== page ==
Before the first Chechen war Dokka Umarov was unknown in the republic. According to some reports he engaged in semi-criminal activity in Russia's Tyumen Oblast. After the outbreak of war, he took part in it, serving under field commander Ruslan Gelayev, and after Gelayev’s death in the mountains of Daghestan he began to lead the south-eastern front of the Chechen resistance.

A recipient of many Ichkerian awards and medals, Dokka Umarov was constantly at the centre of scandalous rumours about his participation in hostage-taking in Chechnya during the inter-war period.

In Maskhadov’s government Umarov did not hold the post of the leader of the Chechen Security Council for long, and was forced to resign when that power ministry was disbanded. However, according to other information Umarov was sacked by Maskhadov precisely for his participation in kidnappings.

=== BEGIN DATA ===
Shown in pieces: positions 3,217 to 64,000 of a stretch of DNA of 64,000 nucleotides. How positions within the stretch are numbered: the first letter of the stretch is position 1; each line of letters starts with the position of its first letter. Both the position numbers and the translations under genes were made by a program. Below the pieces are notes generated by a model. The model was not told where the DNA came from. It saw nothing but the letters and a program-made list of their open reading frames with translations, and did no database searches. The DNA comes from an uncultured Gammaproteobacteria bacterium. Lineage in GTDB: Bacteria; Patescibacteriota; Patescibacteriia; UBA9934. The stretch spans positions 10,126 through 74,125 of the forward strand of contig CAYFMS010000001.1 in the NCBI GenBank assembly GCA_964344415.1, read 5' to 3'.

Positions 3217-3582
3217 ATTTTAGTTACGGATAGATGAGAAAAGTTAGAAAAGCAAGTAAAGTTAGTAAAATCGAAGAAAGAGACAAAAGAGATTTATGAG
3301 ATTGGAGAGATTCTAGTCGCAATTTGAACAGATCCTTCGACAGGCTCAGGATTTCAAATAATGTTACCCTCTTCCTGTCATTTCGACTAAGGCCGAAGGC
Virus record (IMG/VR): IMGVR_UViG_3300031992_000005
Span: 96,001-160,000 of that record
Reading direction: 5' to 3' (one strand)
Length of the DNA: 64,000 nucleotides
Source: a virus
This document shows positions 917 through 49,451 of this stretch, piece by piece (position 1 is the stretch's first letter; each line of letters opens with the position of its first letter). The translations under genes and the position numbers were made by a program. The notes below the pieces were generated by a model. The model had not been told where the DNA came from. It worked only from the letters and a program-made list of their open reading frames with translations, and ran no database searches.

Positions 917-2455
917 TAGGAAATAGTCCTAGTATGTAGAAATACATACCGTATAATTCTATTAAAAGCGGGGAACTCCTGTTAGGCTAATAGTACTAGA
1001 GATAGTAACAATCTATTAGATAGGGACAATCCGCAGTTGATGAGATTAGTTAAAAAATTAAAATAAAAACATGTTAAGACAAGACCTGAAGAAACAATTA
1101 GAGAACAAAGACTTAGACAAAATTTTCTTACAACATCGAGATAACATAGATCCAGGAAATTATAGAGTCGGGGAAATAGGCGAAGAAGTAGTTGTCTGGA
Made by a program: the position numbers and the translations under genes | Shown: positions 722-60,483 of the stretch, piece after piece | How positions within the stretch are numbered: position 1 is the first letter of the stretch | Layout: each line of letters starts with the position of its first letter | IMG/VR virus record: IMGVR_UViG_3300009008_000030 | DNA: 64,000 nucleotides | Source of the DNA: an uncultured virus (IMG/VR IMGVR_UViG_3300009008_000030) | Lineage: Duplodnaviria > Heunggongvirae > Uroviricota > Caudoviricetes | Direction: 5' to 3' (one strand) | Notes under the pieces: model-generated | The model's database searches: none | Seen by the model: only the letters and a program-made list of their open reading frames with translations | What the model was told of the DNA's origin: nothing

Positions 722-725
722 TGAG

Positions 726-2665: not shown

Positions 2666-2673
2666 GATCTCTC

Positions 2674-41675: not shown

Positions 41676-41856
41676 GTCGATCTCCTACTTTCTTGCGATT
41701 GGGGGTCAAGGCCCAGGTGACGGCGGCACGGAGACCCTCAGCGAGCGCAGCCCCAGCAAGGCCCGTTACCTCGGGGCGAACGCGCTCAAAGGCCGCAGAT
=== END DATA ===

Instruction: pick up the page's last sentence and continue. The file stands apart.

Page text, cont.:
Experienced guerrilla commander

The guerrilla units under his control, which on his orders are divided into small groups of 10-12 men, chiefly operate in Chechnya’s mountainous Shatoysky district, the Itum-Kalinsky district, and two foothill districts – the Urus-Martanovsky and the Achkhoy-Martanovsky. Armed clashes with numerous groups of the Russian special forces (spetsnaz) take place quite frequently in these regions, and are mainly of a random nature.

Combat tactics and strategy in Chechnya changed a long time ago. In view of the enemy’s superiority in manpower and technology, the armed underground does not place emphasis on close-contact fighting On the contrary, the fighters wage guerrilla warfare, while the federal forces in their turn have for several years been strengthening their network of agents, and it is precisely through this network that they try to catch guerrillas. That is what happened to Sadullayev.